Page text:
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(p. 42) How the engine works: Trust and making sense of each other and ourselves 

(p. 42) How the engine works: Trust and making sense of each other and ourselves
Chapter:
(p. 42) How the engine works: Trust and making sense of each other and ourselves
Author(s):

Dickon Bevington

, Peter Fuggle

, Liz Cracknell

, and Peter Fonagy

DOI:
10.1093/med-psych/9780198718673.003.0002
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date: 30 March 2020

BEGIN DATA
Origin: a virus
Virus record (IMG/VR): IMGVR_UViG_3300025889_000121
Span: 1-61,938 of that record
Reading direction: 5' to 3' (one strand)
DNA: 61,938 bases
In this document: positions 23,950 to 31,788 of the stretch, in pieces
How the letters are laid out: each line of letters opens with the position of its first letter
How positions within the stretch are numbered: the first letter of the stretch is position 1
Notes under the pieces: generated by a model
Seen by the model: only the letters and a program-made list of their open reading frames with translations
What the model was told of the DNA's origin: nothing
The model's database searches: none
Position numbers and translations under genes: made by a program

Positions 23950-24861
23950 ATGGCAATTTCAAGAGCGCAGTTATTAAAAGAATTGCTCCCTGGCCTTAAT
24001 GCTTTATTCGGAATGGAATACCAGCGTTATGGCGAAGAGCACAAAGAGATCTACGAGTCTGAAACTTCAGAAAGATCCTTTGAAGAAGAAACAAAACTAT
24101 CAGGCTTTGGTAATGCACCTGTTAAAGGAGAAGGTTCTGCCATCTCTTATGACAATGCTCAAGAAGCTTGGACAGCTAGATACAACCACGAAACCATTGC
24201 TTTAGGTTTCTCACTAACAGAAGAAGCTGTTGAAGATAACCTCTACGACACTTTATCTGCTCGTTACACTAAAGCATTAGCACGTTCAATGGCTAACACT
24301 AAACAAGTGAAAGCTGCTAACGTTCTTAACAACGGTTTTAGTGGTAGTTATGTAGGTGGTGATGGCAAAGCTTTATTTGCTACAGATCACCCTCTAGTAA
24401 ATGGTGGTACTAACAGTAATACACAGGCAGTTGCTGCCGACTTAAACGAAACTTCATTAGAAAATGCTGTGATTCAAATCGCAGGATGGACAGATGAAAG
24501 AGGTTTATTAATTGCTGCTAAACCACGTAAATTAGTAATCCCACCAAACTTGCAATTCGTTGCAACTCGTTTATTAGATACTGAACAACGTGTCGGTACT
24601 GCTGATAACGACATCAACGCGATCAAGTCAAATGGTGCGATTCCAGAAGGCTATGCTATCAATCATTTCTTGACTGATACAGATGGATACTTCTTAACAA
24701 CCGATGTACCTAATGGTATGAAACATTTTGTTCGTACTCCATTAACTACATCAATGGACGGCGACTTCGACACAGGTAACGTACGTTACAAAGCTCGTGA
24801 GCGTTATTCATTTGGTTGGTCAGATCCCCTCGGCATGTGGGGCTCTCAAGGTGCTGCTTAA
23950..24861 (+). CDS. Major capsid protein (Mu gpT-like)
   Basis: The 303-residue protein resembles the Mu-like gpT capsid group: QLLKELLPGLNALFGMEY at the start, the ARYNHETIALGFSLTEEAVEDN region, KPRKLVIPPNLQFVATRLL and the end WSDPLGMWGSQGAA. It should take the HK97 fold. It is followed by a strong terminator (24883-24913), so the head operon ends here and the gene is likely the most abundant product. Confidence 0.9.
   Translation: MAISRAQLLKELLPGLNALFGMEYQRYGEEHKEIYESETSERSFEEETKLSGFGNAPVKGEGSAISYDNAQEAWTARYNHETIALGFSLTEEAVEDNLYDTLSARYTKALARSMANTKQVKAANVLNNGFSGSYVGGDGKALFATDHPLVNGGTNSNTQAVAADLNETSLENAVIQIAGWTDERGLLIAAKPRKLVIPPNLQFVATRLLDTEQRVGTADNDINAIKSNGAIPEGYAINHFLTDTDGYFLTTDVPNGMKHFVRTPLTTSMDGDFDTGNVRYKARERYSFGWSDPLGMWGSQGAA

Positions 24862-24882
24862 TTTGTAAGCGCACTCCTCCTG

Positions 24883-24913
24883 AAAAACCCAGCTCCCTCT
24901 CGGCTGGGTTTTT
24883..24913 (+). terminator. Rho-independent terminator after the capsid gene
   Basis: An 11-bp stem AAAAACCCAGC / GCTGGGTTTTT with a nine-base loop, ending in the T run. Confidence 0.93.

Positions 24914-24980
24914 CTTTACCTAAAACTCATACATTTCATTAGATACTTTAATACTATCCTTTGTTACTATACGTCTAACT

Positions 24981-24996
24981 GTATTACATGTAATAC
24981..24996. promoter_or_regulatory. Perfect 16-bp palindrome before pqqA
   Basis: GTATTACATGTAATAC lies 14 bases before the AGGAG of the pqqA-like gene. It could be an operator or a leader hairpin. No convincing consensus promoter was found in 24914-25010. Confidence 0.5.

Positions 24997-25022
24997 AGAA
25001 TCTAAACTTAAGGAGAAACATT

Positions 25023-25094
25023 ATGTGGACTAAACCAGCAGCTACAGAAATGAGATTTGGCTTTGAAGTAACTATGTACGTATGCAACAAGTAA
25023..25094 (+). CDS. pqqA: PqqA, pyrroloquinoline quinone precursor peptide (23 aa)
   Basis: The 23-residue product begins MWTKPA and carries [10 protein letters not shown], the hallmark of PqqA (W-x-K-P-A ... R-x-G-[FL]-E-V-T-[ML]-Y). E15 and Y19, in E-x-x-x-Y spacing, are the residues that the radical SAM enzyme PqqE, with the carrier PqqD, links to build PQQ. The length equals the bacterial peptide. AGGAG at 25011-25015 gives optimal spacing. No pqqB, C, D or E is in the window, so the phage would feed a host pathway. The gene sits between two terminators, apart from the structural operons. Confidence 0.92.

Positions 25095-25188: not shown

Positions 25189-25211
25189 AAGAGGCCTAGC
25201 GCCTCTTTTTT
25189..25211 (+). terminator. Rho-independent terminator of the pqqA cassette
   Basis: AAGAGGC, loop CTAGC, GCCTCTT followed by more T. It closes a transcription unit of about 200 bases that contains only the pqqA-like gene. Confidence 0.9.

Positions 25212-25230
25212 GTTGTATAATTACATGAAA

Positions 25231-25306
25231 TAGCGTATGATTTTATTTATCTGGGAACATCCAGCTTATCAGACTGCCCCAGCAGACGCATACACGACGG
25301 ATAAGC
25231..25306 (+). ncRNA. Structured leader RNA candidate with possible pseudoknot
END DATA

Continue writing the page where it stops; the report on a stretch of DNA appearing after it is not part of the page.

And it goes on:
This chapter lays out AMBIT’s core integrating theory of mentalizing, and the developmental and experimental research evidence supporting it. Mentalizing is a specific (prefrontal cortical) activity of mind, directed at explaining an agent’s (one’s own or another’s) behavior on the grounds of presumed or imagined intentional mental states. The chapter covers evidence from developmental and attachment studies supporting this. The multidimensional nature (automatic–controlled, self–other, internal–external, cognitive–affective) and complexity of this activity is described, as well as the implications when it fails—as it frequently does, given its fragility in the face of anxiety or arousal. Finally, the role of mentalizing in allowing access to learning from another person is explored. It is a powerful ostensive cue, triggering epistemic trust (trust in the social value of information that a helping individual may have to offer). AMBIT is reframed as a systemic application of this theory of communication.

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